InSight

Exit and Growth Strategies for Middle Market Businesses

Funding Your Transition From Executive to Owner

By Roy Graham | Aug 11, 2010

You are an accomplished senior level executive with a strong record of success in corporate America but you want more. You understand your industry as well as anyone and you want to capitalize on that knowledge by acquiring a company that you can grow to build wealth. How do you get started? What is the process? Is it doable?

You may want to start by asking yourself if you would want to acquire the company that you are currently working. If the answer is yes and you believe ownership might be receptive, a management buyout may be a great place to start. After all, you already know your own company so you probably know of any skeletons that may be hidden away as well as the kinds of opportunity that exist. Your due diligence should be easier and you’ll have little, if any, learning curve.

Perhaps your company isn’t available, it’s not attractive or you have an alternative strategy and wish to focus on acquiring another company or a buildup of companies. These are all viable options for which there will likely be multiple sources of funding if you are well prepared and understand the process.

There are many investment groups that will fall over each other in their rush for the opportunity to back a strong management team and a good target company. You can reach out directly to private equity groups and try to handle the process yourself but you may find it frustrating as you navigate a myriad of hurdles. There are well over two thousand private equity groups and they all have their own criteria and unique personalities. Their fund sizes vary as do their minimum and maximum investments, industry interests, investment horizons, exit strategies and a host of other factors. You are likely to find that the use of an investment banker can make your search much less overwhelming and more likely to result in successful funding with a maximum compensation package for you.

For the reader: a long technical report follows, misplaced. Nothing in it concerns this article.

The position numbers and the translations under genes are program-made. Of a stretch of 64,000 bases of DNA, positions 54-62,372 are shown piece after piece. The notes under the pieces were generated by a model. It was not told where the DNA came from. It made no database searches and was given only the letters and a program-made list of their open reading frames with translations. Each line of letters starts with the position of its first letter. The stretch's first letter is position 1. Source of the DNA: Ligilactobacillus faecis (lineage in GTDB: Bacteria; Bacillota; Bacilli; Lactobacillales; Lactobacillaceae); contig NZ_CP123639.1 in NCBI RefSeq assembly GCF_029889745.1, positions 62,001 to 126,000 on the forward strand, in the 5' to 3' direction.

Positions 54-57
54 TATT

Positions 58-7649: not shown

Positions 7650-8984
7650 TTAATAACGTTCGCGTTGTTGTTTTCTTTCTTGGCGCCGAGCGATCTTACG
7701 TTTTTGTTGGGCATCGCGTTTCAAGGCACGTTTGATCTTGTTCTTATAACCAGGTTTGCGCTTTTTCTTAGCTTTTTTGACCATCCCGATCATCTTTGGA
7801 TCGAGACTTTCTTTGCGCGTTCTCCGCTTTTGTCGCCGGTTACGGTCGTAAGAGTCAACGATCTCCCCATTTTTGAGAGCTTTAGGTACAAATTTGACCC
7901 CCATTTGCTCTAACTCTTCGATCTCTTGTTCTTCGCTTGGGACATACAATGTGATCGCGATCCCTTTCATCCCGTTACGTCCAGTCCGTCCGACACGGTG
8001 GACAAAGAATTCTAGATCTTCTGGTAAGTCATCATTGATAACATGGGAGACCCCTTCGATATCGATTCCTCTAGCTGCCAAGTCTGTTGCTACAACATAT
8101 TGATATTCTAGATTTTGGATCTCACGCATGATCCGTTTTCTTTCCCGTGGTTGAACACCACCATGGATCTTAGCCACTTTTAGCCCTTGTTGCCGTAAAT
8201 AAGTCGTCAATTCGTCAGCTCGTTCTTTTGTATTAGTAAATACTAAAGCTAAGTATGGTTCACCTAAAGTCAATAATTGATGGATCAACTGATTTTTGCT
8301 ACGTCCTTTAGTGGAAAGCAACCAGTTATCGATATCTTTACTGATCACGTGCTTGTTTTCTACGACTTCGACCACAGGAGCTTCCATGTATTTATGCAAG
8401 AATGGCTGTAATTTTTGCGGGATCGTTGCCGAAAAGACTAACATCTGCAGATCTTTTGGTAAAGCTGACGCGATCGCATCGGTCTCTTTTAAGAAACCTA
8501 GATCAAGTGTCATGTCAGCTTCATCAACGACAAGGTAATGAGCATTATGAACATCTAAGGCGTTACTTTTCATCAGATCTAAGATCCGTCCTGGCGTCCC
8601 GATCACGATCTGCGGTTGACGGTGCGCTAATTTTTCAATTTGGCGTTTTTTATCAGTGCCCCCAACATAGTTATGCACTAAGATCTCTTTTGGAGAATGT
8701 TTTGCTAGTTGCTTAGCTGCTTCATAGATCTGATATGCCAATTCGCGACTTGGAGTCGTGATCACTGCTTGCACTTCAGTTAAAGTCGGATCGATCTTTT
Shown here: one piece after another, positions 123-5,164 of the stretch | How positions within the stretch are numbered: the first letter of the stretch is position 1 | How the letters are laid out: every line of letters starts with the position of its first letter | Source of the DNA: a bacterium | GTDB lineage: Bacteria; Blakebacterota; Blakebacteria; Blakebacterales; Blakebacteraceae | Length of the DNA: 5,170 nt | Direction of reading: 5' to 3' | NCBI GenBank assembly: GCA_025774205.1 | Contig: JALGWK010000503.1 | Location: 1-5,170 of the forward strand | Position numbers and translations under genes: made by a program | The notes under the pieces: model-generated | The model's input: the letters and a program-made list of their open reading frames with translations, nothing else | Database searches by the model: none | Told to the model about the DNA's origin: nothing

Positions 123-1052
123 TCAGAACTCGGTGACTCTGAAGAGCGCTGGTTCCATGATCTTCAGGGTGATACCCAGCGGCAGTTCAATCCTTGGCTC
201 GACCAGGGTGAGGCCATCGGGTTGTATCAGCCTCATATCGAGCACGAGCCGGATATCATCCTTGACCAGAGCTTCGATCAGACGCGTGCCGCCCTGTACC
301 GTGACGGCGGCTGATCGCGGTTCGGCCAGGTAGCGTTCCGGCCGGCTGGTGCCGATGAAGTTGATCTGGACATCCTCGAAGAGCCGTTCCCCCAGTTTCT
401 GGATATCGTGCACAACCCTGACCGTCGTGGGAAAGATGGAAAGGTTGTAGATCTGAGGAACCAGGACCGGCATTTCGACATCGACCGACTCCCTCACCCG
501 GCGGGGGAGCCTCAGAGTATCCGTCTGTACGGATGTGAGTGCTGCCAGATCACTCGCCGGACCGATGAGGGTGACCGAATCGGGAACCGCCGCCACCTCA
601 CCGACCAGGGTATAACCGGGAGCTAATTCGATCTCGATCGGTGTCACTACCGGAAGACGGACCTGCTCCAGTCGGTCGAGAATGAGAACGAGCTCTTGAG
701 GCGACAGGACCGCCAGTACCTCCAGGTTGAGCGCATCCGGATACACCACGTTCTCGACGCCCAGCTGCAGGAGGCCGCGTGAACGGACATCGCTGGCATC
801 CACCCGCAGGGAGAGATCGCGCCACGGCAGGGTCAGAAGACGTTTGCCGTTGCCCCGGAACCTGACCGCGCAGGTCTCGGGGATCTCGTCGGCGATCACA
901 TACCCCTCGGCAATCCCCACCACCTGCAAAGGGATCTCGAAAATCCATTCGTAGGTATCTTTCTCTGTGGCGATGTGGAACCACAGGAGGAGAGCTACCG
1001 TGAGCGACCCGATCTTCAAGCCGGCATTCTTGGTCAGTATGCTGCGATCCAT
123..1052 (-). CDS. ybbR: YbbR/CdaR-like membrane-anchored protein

A good investment banker can identify private equity groups that match your objectives and will have the relationships and visibility that open doors and grab the attention of these investors. He can help you think through your objectives and prepare an investment thesis and strategy. He can identify acquisition targets, open conversations with owners, analyze financial information, assist in valuation, negotiate a favorable Letter of Intent and prepare analyses and summaries necessary to both secure investor funding and to close the target transaction.

One of the key documents for the executive in this process is the management agreement. This is the document that typically spells out among other things; co-investment requirements, salaries and perhaps most importantly, the amount of equity that the management team will receive. Like all elements of the agreement, equity allocations are negotiable but they are frequently tied to an internal rate of return calculation made upon exit of the investment and often provide increasing participation as the IRR on the investment increases.

A good investment banker will work to cultivate interest among a group of potential private equity investors simultaneously. The resulting competition will result in a management agreement that provides the greatest incentives and rewards for the management team. Generally, there is little cost to the executive as private equity groups value the filtering, due diligence and preparation that investment bankers provide and are pleased to provide compensation for these services. With the help of a good investment banker, if you are an accomplished senior executive with an entrepreneurial spirit, determination and a desire to build wealth you can more than likely find a financial partner to help you achieve your vision.

posted by Roy Graham


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